Another pleasurable surprise was touring France with Sarah’s Key. Yes, I’m half French, but I have to admit I only know parts of my native country. Last year, Sarah took me to Lille, Limoges, Montaigu near Nantes, Saint Louis near Basel, Bordeaux, Montpellier, Pau, Metz, Nice, Rennes, Brest, Marseille, the Loire valley, Fuveau near Aix en Provence, Besançon, Nancy, Saint Etienne, Colmar, Strasbourg… I fell in love with France all over again! We Parisians are blasé. We tend to see Paris as the center of the universe. And how wrong we are. Bordeaux is a silver splendor, Pau took my breath away with its Basque architecture overlooking the Pyrenees, Metz’s gothic cathedral is not to be missed, nor is Strasbourg’s, the vieux Nice uncannily resembles an Italian village, the Medieval heart of Montpellier is beautiful, Provence weaves a sunny spell it’s hard to resist. …Douce France, comme tu es belle!

Many of my readers want to know what my writing schedule is. First I start on a little note book, with my horrid scribbled handwriting that nobody can read. When I get to the end of that little note book (a small Moleskine format) it has usually taken me about a month. I then copy and edit the entire text on to the computer…Then the computer takes on from there, I don’t go back to paper.

My main problem is combining my writing with my job and my family. Virginia Woolf was right, you need a room of your own, which I actually don’t have. I used to share a small office at my publisher’s, and that worked well for a while, but the muse in that place fizzled out. Another thing that puts me off is noise : music, TV, talk, phones ringing. So, the “wee hours” are sometimes useful. I can’t stand it if a door is opened behind me and someone walks in as I’m writing. I like to have a window in front of me, not a blank wall. I try to write my book every day, even on weekends, (but this upsets my family, so I try not to). I drink tea while I write and when the tea gets cold, I make another pot. I read out loud from my book and sometimes cringe. I get back to work till I don’t cringe at the next reading. I can’t listen to music while I write. I admire writers who are able to do this. When I get stuck somewhere in my book, I come back to it later and write something else, an article, a blog post, an email, a short story. A poem ? Nope, haven’t written a poem since the 80’s. Thank God.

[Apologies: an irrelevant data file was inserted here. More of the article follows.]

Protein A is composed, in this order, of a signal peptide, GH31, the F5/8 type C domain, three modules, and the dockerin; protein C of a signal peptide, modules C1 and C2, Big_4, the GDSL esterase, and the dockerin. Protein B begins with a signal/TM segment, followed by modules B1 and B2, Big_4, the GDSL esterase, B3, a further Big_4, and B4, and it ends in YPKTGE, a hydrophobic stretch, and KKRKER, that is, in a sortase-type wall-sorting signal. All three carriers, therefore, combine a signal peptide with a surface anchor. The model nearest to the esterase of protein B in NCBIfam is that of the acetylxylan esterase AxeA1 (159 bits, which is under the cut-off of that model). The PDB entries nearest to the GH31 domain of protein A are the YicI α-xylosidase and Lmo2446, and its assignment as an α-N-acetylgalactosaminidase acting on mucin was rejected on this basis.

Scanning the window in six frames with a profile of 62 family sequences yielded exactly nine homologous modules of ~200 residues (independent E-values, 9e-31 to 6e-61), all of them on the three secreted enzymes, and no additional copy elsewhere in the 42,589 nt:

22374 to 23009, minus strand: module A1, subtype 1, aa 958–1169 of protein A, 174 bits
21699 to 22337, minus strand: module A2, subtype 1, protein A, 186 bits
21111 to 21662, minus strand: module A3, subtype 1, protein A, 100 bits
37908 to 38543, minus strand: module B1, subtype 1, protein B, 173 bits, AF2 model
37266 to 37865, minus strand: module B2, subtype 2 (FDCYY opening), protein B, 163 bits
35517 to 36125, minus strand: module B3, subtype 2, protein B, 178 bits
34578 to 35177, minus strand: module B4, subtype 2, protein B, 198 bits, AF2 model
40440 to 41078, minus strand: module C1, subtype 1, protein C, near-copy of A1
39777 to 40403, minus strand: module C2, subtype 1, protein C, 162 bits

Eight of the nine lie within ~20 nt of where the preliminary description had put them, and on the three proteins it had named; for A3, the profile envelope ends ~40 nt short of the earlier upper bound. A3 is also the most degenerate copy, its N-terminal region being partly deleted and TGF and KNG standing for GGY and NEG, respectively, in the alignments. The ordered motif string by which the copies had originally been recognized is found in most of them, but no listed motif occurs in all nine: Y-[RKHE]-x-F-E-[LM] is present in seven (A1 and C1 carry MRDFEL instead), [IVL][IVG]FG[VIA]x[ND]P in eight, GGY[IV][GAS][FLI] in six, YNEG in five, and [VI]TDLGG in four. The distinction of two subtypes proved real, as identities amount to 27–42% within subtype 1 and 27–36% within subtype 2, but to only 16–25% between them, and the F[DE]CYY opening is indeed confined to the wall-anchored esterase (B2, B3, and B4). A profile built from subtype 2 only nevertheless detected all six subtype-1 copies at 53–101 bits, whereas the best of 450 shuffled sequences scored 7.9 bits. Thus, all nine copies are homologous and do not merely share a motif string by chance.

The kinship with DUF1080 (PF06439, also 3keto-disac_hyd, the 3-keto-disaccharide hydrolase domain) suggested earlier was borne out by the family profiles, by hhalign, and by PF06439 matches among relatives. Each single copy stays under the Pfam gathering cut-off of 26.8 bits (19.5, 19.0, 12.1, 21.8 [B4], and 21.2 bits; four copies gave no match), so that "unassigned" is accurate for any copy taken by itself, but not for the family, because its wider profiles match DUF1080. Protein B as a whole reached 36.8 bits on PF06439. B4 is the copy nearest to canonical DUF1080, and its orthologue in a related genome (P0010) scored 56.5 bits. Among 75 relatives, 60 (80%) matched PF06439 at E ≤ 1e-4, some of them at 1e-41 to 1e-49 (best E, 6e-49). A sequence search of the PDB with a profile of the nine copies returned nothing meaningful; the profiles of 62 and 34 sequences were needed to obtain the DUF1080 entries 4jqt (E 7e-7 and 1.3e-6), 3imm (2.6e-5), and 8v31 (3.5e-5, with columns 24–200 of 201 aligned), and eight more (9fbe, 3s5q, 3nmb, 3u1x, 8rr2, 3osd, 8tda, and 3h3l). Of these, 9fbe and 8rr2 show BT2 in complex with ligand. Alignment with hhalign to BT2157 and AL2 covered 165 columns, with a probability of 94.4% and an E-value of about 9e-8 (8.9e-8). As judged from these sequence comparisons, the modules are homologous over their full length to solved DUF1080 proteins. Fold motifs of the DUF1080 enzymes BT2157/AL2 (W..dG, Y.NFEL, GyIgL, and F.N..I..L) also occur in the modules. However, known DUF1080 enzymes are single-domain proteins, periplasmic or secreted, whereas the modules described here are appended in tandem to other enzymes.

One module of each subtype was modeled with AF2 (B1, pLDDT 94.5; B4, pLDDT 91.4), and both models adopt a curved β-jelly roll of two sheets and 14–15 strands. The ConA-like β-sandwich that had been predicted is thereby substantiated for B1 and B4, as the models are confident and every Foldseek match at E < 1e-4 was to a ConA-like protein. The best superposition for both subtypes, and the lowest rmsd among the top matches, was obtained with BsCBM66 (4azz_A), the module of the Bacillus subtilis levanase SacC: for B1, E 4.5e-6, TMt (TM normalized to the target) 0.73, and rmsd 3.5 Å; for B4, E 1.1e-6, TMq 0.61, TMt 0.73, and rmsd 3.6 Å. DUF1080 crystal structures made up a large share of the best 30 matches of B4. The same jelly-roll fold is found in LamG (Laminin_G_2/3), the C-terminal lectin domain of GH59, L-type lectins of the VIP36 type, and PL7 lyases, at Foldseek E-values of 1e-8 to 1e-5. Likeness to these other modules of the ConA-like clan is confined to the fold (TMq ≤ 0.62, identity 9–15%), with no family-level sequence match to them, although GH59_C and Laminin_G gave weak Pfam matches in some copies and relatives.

Tatiana de Rosnay
Author of Sarah’s Key (Saint Martin’s Press)
Tatiana de Rosnay

  1. February 13, 2009 6:16 am

    This is fantastic! We lived in France for 2 years and weren’t always welcomed by the young people. Old people were another story all together. I won’t ever forget one time when we met a woman who had lived through WW2 – she held our hands and thanked us profusely for the part our country had in liberating France during the war. We didn’t think she would ever let go.

    I love that young people are reading this book! I know one to pass my copy to once I’ve read it.
    I was very surprised by the ages of her young readers. I think it’s wonderful that they’ve picked up this exceptional book. My copy is headed to Australia this week.

  2. February 16, 2009 3:42 pm

    Great post! Sarah’s Key is in my TBR pile, and I can’t wait to read it!